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Arizona police officer sues over immigration law

By Catherine E. Shoichet, CNN
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Officer sues over immigration law
  • Law allows police to ask anyone for proof of legal U.S. residency
  • Lawsuit says law will "seriously impede law enforcement investigations"
  • Suit says there are no "race-neutral criteria" to determine who in the U.S. lawfully
  • Arizona Gov. Jan Brewer says law does not involve racial profiling

(CNN) -- A police officer in Tucson, Arizona, asks that local law enforcement be exempt from enforcing the state's new immigration law in a lawsuit filed in federal court on Thursday.

Officer Martin H. Escobar claims in the suit that the law will "seriously impede law enforcement investigations and facilitate the successful commission of crimes."

He also says there are no "race-neutral criteria or basis to suspect or identify who is lawfully in the United States," including a person's proximity to the Mexican border, linguistic characteristics and capabilities, skin color, clothing worn or the type of vehicle driven.

The law, signed by Arizona Gov. Jan Brewer on April 23, allows police to ask anyone for proof of legal U.S. residency. Brewer and others who support the law have said it does not involve racial profiling or any other illegal acts.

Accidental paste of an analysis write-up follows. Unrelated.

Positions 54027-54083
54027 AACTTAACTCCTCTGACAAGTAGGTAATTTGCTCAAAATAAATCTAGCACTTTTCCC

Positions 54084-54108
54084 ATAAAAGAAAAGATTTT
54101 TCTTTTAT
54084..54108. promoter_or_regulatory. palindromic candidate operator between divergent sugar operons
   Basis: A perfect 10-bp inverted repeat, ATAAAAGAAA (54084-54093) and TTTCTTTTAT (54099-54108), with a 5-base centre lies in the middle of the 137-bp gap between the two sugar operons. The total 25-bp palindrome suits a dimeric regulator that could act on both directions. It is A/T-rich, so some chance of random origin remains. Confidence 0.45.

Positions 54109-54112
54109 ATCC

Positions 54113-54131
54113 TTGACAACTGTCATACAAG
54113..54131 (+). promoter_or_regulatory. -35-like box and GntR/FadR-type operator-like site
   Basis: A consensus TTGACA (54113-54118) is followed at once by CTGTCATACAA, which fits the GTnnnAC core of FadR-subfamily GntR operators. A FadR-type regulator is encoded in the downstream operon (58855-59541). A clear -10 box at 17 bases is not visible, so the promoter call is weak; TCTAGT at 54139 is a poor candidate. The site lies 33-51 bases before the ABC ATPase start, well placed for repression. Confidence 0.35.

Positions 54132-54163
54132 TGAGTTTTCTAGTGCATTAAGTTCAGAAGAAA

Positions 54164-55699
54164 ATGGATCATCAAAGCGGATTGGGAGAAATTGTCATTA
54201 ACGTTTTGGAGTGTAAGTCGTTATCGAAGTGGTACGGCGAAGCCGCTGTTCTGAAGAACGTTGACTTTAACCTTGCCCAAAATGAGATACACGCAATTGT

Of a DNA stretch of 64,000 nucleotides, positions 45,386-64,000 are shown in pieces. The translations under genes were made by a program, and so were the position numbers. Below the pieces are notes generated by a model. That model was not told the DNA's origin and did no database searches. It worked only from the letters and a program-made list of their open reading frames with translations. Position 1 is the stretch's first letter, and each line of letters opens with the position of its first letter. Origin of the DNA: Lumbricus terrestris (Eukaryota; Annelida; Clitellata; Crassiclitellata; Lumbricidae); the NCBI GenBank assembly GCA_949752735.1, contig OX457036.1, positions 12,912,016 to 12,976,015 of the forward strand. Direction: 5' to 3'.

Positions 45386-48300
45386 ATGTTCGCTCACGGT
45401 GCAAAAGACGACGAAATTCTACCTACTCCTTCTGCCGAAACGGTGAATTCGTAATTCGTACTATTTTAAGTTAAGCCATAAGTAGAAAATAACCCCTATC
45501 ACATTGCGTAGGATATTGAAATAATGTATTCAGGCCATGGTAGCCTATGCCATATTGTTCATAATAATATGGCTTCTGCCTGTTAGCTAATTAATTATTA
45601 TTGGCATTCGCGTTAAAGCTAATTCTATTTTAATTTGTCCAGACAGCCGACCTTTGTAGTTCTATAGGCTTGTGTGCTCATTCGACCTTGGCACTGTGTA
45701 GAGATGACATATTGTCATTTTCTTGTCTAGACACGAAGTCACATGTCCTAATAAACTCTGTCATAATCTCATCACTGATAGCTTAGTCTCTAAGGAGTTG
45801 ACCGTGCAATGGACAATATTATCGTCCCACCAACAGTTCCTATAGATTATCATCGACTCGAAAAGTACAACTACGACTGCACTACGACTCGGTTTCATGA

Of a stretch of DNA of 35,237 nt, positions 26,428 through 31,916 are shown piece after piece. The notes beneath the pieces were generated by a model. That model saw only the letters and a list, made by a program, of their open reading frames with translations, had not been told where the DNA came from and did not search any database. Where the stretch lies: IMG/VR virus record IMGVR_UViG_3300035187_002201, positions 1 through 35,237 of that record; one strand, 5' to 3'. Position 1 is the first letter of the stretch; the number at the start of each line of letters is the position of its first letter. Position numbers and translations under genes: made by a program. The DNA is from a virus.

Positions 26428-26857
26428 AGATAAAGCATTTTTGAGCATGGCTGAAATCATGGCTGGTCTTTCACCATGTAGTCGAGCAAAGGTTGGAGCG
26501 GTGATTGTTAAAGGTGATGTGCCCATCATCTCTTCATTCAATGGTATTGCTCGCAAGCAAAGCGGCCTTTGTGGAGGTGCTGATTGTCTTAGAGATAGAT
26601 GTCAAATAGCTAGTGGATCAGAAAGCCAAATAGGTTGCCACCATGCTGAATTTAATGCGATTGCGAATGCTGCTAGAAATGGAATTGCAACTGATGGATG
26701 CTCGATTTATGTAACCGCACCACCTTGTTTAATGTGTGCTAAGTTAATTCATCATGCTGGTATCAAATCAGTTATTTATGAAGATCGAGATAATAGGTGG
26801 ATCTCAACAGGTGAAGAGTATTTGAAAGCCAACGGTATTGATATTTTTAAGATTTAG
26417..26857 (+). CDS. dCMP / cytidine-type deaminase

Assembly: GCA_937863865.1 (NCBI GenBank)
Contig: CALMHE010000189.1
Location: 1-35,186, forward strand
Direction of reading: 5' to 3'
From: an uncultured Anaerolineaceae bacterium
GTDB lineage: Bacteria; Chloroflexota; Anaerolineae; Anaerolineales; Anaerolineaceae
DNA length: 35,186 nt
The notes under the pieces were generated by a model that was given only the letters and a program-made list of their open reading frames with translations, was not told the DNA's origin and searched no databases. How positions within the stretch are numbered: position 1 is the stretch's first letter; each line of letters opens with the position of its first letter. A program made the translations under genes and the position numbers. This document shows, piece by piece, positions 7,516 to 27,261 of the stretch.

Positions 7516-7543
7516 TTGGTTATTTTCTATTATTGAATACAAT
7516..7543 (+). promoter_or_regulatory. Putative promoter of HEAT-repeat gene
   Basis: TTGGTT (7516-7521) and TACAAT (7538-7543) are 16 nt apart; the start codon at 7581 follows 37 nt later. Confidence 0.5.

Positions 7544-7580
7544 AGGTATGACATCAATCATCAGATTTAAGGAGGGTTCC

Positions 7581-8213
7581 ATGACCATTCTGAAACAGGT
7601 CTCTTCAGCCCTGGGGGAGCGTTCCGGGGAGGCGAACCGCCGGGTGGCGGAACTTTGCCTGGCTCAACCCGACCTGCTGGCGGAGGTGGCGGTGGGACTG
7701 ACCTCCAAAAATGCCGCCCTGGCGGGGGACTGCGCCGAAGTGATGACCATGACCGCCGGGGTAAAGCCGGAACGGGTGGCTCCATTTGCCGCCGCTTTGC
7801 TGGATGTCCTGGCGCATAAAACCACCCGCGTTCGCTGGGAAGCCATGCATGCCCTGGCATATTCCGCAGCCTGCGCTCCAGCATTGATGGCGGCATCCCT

"Racial profiling is illegal," Brewer said after signing the bill. "It is illegal in America, and it's certainly illegal in Arizona."

Read the complaint (PDF)

But Escobar's suit says the law "is the product of racial bias aimed specifically at Hispanics" and places every Hispanic within the state at risk of losing his or her constitutional rights.

Brewer, Arizona Attorney General Terry Goddard, the city of Tucson and Pima County Attorney Barbara LaWall are named in the suit.

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Escobar asks that local law enforcement be exempt "from engaging any immigration stops, questioning, detention, citing or any law enforcement activity reserved to the federal government."

Escobar, 45, is a naturalized U.S. citizen who was born in Mexico and immigrated with his parents when he was 5 years old, attorney Richard M. Martinez said.

Tucson Police Department spokesman Sgt. Fabian Pacheco declined to comment on the case because city policies prevent employees from discussing pending litigation. But he said Escobar has worked for the department since 1995 and patrols Tucson's south side.

Martinez said his client has spent years working to break down barriers between the Police Department and the predominantly Hispanic community.

"All this law does is put the barrier back up. ... It takes away trust and the rapport and relationships," he said Thursday.

Spokespeople for Brewer and Goddard did not return requests for comment.